Several hydrophobicity scales have been published for various uses. Many of the commonly used hydrophobicity scales are described below.
Kyte-Doolittle scale. The Kyte-Doolittle scale is widely used for detecting hydrophobic regions in proteins. Regions with a positive value are hydrophobic. This scale can be used for identifying both surface-exposed regions as well as transmembrane regions, depending on the window size used. Short window sizes of 5-7 generally work well for predicting putative surface-exposed regions. Large window sizes of 19-21 are well suited for finding transmembrane domains if the values calculated are above 1.6 [Kyte and Doolittle, 1982]. These values should be used as a rule of thumb and deviations from the rule may occur.
Engelman scale. The Engelman hydrophobicity scale, also known as the GES-scale, is another scale which can be used for prediction of protein hydrophobicity [Engelman et al., 1986]. As the Kyte-Doolittle scale, this scale is useful for predicting transmembrane regions in proteins.
Eisenberg scale. The Eisenberg scale is a normalized consensus hydrophobicity scale which shares many features with the other hydrophobicity scales [Eisenberg et al., 1984].
Hopp-Woods scale. Hopp and Woods developed their hydrophobicity scale for identification of potentially antigenic sites in proteins. This scale is basically a hydrophilic index where apolar residues have been assigned negative values. Antigenic sites are likely to be predicted when using a window size of 7 [Hopp and Woods, 1983].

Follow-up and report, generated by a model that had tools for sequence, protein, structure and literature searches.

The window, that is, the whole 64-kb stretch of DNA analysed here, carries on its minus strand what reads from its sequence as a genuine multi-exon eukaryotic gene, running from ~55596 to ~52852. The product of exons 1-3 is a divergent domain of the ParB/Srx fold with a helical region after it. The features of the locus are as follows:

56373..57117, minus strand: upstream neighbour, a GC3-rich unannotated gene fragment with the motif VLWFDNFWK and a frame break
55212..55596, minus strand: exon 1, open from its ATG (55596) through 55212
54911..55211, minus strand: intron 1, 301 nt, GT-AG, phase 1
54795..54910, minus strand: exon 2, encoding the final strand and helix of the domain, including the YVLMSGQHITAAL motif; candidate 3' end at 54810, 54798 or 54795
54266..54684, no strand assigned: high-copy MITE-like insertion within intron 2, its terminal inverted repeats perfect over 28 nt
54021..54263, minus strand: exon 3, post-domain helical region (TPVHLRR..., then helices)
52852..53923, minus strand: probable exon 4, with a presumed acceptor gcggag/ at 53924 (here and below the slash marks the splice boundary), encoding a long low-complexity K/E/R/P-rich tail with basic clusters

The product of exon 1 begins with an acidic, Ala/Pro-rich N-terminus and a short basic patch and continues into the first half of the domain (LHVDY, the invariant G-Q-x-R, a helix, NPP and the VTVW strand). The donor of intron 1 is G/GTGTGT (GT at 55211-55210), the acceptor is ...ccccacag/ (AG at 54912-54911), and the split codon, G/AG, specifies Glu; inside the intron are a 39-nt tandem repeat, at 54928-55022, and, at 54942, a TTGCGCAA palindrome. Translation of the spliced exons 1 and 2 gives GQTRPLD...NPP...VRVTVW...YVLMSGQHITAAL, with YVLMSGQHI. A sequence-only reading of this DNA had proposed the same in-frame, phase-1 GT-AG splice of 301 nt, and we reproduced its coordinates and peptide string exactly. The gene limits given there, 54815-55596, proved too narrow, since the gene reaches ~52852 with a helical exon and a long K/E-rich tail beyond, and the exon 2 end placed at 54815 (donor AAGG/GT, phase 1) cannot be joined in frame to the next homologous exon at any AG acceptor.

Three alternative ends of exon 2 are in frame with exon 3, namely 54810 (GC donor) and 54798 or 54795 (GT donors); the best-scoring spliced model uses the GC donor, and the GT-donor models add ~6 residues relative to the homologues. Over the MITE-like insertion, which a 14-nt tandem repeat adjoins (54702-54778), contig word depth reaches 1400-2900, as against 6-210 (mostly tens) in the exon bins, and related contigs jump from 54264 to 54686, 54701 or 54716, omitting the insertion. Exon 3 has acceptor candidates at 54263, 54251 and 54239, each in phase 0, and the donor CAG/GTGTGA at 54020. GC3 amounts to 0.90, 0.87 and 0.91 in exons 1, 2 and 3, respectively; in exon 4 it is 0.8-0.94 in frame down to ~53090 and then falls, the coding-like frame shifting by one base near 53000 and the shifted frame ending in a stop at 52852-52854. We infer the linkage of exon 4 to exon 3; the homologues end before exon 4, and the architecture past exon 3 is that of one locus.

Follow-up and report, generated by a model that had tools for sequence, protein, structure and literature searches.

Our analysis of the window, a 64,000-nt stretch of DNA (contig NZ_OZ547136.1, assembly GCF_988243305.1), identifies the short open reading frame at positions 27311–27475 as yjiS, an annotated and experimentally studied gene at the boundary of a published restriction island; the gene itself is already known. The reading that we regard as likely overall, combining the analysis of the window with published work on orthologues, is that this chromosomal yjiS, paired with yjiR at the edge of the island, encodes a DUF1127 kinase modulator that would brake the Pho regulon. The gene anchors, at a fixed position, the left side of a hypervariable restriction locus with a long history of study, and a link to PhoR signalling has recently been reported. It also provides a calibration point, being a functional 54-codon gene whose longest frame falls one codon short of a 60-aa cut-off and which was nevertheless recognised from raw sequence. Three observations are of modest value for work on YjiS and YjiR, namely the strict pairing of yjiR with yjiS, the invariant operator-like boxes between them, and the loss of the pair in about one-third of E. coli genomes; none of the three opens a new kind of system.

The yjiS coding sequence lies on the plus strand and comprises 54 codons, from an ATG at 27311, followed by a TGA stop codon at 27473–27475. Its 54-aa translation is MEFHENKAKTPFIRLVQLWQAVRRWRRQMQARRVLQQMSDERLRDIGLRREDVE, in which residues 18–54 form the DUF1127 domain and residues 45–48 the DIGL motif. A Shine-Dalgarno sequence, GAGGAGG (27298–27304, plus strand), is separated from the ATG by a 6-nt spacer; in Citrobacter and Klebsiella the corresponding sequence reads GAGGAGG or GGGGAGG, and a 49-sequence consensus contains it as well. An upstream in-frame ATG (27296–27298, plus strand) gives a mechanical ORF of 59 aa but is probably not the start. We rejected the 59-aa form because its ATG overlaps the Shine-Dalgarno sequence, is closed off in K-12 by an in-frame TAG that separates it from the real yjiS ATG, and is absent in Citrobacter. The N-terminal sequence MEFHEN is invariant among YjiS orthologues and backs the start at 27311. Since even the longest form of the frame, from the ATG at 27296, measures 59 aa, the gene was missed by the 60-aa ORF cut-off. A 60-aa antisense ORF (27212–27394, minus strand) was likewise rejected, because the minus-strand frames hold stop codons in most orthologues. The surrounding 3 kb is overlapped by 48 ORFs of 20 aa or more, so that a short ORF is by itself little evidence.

Cornette scale. Cornette et al. computed an optimal hydrophobicity scale based on 28 published scales [Cornette et al., 1987]. This optimized scale is also suitable for prediction of alpha-helices in proteins.
Rose scale. The hydrophobicity scale by Rose et al. is correlated to the average area of buried amino acids in globular proteins [Rose et al., 1985]. This results in a scale which is not showing the helices of a protein, but rather the surface accessibility.
Janin scale. This scale also provides information about the accessible and buried amino acid residues of globular proteins [Janin, 1979].
Welling scale. Welling et al. used information on the relative occurrence of amino acids in antigenic regions to make a scale which is useful for prediction of antigenic regions. This method is better than the Hopp-Woods scale of hydrophobicity which is also used to identify antigenic regions.
Kolaskar-Tongaonkar. A semi-empirical method for prediction of antigenic regions has been developed [Kolaskar and Tongaonkar, 1990]. This method also includes information of surface accessibility and flexibility and at the time of publication the method was able to predict antigenic determinants with an accuracy of 75%.
Surface Probability. Display of surface probability based on the algorithm by [Emini et al., 1985]. This algorithm has been used to identify antigenic determinants on the surface of proteins.
Chain Flexibility. Display of backbone chain flexibility based on the algorithm by [Karplus and Schulz, 1985]. It is known that chain flexibility is an indication of a putative antigenic determinant.
Many more scales have been published throughout the last three decades. Even though more advanced methods have been developed for prediction of membrane spanning regions, the simple and very fast calculations are still highly used.
Other useful resources
AAindex: Amino acid index database